When I Say A Flower Is “Purple,” What Have I Described?

When I say that a flower is “purple,” I describe its color. Though a flower’s flavor, genotype, and genes may not be described directly by this color, they are certainly circumscribed by it. For instance, by stating that a flower is “purple,” I may indicate that it is a species of flower which is capable of producing a range of colors from blue to red, or from violet to indigo.

Purple is considered a standard HTML color, which is created when red and blue light of equal intensity, at a brightness halfway between full power and darkness. This color also has a long-standing history in multiple cultures; in ancient Rome, for instance, purple signified high status and wealth, and was thus worn only by the elite. In the modern world, purple is often associated with feminine energy, royalty, and mysticism.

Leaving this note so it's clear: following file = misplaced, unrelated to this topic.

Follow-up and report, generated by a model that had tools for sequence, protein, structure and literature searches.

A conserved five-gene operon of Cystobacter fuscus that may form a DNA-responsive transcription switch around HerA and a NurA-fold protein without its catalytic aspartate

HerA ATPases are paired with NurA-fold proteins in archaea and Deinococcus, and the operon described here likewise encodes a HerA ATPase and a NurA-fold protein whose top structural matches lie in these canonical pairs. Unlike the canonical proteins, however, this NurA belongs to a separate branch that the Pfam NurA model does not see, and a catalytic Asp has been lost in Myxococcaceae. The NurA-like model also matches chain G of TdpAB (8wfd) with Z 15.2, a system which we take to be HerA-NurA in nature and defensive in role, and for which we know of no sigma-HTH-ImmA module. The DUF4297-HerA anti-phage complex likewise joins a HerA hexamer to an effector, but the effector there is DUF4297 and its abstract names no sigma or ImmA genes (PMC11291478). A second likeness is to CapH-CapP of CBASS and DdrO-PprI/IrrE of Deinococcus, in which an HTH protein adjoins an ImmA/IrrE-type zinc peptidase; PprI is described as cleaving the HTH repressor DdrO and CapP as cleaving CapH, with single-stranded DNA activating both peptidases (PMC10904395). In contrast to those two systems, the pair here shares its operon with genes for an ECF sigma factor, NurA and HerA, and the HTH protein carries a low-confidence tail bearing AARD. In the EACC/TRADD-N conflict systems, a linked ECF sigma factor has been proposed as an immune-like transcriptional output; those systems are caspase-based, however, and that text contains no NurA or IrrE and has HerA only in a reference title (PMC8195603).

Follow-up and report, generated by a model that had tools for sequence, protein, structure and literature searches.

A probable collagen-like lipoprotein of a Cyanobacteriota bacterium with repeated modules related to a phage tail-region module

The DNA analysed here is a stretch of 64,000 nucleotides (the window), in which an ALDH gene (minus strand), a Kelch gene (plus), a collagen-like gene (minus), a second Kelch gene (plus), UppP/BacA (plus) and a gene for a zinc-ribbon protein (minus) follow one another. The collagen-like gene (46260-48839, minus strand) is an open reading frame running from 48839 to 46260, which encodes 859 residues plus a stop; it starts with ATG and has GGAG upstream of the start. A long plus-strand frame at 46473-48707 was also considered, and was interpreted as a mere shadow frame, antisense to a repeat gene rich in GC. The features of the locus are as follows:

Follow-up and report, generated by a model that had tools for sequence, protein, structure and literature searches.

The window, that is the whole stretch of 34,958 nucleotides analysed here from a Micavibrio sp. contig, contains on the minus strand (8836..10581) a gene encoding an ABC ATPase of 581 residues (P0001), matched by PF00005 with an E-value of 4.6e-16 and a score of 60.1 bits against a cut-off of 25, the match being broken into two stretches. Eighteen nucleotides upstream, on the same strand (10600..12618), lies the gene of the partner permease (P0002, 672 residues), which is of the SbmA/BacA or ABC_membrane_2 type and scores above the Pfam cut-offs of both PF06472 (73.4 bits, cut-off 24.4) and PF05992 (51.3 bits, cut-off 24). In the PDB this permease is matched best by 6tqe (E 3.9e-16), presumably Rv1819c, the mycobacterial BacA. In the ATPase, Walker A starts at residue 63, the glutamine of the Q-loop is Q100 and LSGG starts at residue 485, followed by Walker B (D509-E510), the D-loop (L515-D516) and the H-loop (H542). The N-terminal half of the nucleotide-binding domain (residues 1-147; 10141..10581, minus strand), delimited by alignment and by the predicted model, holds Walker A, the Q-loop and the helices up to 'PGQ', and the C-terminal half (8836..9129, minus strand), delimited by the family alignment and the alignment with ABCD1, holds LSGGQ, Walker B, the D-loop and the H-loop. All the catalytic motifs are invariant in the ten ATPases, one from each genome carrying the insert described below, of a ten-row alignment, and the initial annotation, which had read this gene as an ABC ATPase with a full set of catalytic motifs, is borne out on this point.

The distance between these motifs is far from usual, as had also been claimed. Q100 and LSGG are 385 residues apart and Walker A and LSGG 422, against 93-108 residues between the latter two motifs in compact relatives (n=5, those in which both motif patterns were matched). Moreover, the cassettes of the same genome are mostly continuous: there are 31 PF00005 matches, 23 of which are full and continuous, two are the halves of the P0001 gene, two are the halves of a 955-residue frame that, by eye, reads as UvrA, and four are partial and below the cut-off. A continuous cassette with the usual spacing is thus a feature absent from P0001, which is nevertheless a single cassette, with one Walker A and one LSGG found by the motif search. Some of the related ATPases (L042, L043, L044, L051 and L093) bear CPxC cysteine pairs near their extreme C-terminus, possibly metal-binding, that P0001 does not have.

No matter the historical or cultural associations, when a flower is said to be “purple,” it is inarguable that its color is being described. The specific shades may vary from flower to flower, but the overall hue will remain the same. This provides a reference point when discussing or observing the flower, as it is more detailed than simply referring to it as “colored,” yet more general than saying it is “lilac” or “lavender.”

As such, when I say that a flower is “purple,” I am providing an effective description of its color.

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